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Scotland Bill 'still fails to deliver'

Published: 2 Nov 2015 14:54

Amendments do not implement Smith and UK Government promises.

Deputy First Minister John Swinney has commented that amendments to the Scotland Bill fall short of implementing the Smith Commission.

Mr Swinney said the UK Government's amendments to the Bill did not deliver in full the devolution promised by Smith.

The Scottish Government continues to have concerns in the following areas:

  • The Bill does not codify the Sewel Convention as it has operated since 1999
  • There remain restrictions on the Scottish Parliament's powers to make 'all matters relating to the arrangements and operations of the Scottish Parliament and Scottish Government'
  • The UK Government can still effectively veto the exercise of devolved powers over Universal Credit and there are constraints in the devolution of social security discretionary payments
  • There is not yet an amendment to give the Scottish Parliament new powers to create benefits in devolved areas
  • There is not full devolution of Crown Estate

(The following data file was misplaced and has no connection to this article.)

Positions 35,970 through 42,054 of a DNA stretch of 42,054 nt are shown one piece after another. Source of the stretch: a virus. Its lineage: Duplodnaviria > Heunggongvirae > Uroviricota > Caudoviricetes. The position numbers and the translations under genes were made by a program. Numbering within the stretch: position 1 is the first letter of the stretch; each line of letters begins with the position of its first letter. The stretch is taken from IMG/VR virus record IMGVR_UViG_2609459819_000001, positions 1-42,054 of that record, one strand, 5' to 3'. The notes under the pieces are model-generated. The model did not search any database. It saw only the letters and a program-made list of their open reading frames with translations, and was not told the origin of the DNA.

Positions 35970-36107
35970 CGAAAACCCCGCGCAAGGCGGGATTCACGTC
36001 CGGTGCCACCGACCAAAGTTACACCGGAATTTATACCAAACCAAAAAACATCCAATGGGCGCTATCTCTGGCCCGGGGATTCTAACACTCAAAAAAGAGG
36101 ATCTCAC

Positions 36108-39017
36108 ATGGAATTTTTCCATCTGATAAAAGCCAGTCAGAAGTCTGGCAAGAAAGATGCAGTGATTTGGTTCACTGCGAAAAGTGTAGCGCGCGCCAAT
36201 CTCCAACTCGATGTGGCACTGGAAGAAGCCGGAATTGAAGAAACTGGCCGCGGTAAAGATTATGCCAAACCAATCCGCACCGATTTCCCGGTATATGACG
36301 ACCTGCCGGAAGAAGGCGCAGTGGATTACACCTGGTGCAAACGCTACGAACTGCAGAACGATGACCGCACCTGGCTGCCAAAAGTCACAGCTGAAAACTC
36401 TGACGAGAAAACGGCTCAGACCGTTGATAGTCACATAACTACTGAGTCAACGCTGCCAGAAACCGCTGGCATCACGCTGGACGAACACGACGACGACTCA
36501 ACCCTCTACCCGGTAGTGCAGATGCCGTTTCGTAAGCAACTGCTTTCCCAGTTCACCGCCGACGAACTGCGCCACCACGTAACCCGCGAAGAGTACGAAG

• There are significant restrictions on employment support, particularly the restriction to programmes that last at least 12 months.

Deputy First Minister John Swinney said:

"The sole purpose of the Scotland Bill is to implement the Smith Commission in full. In June, I proposed amendments to do that.

"Today's amendments are a welcome admission that the Bill, as published, did not deliver Smith, despite UK Government claims to the contrary. Unfortunately the set of amendments the UK Government have promised today still fail to deliver Smith, and still fail Scotland.

"In areas such as social security, employment support and the Crown Estate, the Scotland Bill does not fully devolve new powers and restricts the ability of future Scottish Governments to exercise power without interference.

"The Scotland Bill must also be accompanied by a revised funding settlement that is fair and workable. Work between both Governments continues to reach an agreement, which is now likely to be after the UK Spending Review and the draft Scottish Budget.

"Today's amendments need to be closely scrutinised by all parties. Further progress towards implementing Smith in full and agreement on a fair fiscal framework are needed before the Scottish Government can back this Bill."